Reducing Your Capital Gains Tax
Aside from paying income tax and payroll tax, individuals who buy and sell personal and investment assets should also deal with the capital gains tax system. Capital gain rates are usually as high as regular income taxes. The good news is there are strategies to bring them lower.
The following are useful tips that help you minimize your capital gains tax:
Wait at least one year before selling.
To qualify capital gains for long-term status (and a tax rate cut), wait until a calendar year has passed before you sell your property. Depending on your tax rate, you may save from 10% to 20%. For instance, if you sell stock where the capital gain is $2,000, belong to the 28% income tax bracket, and have held the stock for over a year, you’ll have to pay 15% of $2,000 on the transaction. If you’ve held the stock for shorter than one year, you’ll pay 28% of $2,000, which is $560, on the transaction.
Sell when you’re receiving a low income.
Your income level affects the amount of long-term capital gains tax you are obliged to pay. Individuals falling under the 10% and 15% brackets don’t even need to pay any long-term capital gains tax at all. If your income level is about to drop – let’s say your spouse is almost retiring or you’re about to lose your job – selling during this low income year will decrease your capital gains tax rate.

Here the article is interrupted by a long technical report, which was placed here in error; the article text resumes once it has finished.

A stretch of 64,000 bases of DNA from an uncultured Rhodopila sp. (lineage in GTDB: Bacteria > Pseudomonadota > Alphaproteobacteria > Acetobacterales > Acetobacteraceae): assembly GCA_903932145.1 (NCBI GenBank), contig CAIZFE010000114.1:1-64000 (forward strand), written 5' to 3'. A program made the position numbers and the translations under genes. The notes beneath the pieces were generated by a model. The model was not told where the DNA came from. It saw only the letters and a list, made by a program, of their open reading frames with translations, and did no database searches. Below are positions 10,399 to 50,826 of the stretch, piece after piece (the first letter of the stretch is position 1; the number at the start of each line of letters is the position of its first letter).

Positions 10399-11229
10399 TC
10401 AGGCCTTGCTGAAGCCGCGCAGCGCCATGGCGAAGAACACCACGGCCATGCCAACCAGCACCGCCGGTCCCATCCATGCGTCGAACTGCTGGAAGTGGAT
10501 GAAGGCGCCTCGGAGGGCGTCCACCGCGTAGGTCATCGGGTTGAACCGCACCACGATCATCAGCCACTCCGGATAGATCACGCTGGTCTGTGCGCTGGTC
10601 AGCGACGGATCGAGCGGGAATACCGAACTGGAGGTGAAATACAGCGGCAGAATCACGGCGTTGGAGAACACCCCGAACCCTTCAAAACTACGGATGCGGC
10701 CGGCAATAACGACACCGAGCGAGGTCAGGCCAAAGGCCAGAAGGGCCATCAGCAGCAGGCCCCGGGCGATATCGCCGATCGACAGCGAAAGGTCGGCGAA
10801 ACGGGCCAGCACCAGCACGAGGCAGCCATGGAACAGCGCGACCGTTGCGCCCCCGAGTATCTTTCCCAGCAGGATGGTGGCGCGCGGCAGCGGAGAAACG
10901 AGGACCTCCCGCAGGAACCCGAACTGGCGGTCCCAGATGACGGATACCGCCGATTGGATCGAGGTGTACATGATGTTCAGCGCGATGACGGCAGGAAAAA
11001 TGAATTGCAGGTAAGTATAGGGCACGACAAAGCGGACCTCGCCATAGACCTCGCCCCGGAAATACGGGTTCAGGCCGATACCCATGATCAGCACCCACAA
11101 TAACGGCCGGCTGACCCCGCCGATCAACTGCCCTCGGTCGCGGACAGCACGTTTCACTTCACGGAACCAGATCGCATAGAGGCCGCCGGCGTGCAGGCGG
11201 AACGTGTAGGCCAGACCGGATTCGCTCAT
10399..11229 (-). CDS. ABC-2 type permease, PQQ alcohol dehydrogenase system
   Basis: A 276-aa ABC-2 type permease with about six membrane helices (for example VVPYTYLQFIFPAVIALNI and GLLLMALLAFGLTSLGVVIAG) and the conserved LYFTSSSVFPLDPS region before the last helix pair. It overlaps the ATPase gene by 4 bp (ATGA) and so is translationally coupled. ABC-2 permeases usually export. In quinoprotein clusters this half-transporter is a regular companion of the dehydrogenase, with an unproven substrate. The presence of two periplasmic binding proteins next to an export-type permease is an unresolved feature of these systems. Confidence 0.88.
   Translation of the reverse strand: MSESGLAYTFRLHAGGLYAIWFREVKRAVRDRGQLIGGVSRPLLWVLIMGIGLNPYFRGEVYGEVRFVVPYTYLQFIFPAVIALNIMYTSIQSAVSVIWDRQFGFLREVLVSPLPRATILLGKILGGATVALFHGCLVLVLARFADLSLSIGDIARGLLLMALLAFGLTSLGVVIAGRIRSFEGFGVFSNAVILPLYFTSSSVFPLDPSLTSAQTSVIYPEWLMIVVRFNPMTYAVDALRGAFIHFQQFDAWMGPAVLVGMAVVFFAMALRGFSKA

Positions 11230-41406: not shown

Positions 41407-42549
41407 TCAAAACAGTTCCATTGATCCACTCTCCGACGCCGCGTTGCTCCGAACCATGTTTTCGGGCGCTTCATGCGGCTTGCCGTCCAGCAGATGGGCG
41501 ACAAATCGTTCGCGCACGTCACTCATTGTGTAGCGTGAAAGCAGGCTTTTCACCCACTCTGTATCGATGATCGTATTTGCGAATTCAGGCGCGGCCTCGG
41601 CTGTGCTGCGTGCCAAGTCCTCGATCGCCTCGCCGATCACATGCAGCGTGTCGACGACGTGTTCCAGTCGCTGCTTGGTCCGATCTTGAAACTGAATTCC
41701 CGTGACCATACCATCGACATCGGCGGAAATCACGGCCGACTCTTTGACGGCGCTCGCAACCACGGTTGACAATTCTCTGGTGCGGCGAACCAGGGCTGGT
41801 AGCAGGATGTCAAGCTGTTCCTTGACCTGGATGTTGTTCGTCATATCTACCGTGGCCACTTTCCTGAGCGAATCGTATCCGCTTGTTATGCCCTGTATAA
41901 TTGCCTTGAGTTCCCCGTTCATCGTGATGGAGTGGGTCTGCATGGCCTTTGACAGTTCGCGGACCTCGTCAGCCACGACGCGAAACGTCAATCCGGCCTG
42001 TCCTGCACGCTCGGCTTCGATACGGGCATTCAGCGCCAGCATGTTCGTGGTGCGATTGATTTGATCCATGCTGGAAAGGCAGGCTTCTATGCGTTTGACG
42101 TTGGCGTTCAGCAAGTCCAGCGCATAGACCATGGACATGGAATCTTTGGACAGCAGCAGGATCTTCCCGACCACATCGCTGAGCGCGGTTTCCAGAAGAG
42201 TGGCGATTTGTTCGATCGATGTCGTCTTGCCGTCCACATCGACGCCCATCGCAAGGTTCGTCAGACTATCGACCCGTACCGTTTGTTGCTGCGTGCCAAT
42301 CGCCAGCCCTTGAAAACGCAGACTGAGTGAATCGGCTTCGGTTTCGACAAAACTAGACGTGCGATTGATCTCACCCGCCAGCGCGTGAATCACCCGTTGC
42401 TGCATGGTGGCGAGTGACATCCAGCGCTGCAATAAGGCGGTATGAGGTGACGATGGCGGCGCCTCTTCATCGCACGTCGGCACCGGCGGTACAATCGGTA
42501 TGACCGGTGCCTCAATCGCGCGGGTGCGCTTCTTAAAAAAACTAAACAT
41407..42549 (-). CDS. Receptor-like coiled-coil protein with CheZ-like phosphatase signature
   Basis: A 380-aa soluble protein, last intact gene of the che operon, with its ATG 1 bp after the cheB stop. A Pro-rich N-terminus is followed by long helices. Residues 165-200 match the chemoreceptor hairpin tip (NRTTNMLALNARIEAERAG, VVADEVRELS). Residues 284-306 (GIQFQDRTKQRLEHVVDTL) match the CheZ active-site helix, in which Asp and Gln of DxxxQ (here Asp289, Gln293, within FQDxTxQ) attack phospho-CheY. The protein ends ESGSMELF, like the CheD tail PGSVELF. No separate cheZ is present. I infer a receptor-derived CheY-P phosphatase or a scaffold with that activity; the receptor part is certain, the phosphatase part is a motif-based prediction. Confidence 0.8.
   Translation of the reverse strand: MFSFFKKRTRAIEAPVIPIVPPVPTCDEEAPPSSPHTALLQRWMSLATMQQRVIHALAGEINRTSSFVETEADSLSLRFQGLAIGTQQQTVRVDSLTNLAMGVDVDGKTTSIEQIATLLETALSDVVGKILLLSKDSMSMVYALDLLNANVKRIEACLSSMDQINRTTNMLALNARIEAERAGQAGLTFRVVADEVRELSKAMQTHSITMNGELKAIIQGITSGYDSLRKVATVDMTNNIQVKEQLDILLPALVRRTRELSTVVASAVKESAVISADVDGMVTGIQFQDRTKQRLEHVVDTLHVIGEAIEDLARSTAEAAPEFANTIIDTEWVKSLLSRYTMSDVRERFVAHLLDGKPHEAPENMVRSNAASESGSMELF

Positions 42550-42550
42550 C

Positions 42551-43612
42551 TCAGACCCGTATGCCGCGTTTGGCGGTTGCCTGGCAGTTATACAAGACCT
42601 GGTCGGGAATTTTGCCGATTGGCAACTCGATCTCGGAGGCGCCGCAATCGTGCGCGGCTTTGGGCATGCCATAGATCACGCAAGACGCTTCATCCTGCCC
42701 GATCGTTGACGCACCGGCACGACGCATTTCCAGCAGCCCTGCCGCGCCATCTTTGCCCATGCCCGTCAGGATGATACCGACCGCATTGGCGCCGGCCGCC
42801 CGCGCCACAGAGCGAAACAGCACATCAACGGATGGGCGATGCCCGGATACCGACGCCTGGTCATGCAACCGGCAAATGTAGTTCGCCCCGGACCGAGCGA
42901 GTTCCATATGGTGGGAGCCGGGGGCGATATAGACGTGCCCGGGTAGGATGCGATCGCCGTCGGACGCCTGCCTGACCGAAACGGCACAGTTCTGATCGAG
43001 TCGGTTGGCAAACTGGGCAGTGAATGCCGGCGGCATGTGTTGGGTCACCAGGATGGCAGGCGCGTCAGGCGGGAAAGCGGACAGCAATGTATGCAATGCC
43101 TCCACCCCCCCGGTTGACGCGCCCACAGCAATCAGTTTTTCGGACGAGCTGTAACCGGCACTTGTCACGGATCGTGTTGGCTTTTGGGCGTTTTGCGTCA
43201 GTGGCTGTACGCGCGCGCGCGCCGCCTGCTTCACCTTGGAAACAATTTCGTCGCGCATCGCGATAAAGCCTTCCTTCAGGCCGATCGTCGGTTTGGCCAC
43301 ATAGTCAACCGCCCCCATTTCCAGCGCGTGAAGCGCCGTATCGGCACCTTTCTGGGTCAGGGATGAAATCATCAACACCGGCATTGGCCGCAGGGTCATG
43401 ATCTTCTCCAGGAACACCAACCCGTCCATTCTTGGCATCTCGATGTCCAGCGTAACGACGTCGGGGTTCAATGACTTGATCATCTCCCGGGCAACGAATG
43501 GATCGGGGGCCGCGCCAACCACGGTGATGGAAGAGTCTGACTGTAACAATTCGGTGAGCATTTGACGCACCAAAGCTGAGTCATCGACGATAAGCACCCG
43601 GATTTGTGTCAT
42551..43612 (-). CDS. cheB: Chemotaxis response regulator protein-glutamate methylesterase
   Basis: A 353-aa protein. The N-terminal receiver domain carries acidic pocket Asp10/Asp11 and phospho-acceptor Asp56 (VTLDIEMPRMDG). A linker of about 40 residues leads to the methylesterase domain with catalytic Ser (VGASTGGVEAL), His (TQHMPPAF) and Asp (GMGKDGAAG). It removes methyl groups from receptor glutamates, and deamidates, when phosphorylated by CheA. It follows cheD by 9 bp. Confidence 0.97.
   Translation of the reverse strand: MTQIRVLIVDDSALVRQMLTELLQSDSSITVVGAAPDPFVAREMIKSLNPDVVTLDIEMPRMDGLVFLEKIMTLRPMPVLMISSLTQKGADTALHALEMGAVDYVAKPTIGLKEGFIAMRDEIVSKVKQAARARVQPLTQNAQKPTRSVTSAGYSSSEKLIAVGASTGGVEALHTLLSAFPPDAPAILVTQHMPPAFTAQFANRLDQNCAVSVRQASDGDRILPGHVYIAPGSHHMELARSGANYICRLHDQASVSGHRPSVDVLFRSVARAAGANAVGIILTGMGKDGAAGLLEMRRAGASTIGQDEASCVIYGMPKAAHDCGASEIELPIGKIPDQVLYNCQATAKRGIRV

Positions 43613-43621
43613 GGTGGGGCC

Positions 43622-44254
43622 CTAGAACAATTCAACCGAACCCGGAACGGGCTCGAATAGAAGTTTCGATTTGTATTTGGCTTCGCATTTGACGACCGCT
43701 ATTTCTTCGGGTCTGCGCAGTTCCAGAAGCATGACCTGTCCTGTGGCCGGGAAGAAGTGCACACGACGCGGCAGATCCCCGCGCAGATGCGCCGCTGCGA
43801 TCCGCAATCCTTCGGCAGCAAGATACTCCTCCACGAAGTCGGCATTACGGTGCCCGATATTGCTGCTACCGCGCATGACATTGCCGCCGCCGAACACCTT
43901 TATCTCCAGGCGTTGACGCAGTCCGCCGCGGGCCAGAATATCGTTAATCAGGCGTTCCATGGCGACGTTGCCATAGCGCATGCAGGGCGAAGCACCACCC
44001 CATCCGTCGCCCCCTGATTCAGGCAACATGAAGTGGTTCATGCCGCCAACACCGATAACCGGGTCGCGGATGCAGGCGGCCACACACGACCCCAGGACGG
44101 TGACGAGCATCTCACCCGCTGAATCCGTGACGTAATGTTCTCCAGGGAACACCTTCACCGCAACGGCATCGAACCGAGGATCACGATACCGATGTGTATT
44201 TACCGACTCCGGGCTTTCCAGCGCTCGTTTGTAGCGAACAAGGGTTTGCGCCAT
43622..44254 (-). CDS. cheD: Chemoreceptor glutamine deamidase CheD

Lower your taxable income.
As your capital gain tax rate depends on your taxable income, general tax-savings methods can help you grab a nice rate. Increase your deductions, for instance, by giving to charity, getting pricey medical procedures before the year closes, or increasing your traditional IRA or 401k contributions.
Look for little-known deductions as well, such as the moving expense deduction, which you get when you move for a certain job. Rather than buying corporate bonds, get bonds issued by municipalities, local governments and states, as the income they produce is non-taxable. There’s a whole range of potential tax breaks out there, so refer to the IRS’s Credits & Deductions database to know what you may qualify for.
When possible, sync your capital losses with your capital gains.
One prominent feature of capital gains is that they’re lessened by any capital losses you incur on a certain year. Using up your capital losses in the years you have capital gains, will lessen your tax. There’s no ceiling on the amount of capital gains you have to report, for each tax year, you are only allowed to take net capital losses worth $3,000. However, you may carry additional capital losses into future tax years, although it may take some time to use those up if you’ve had a particularly big loss.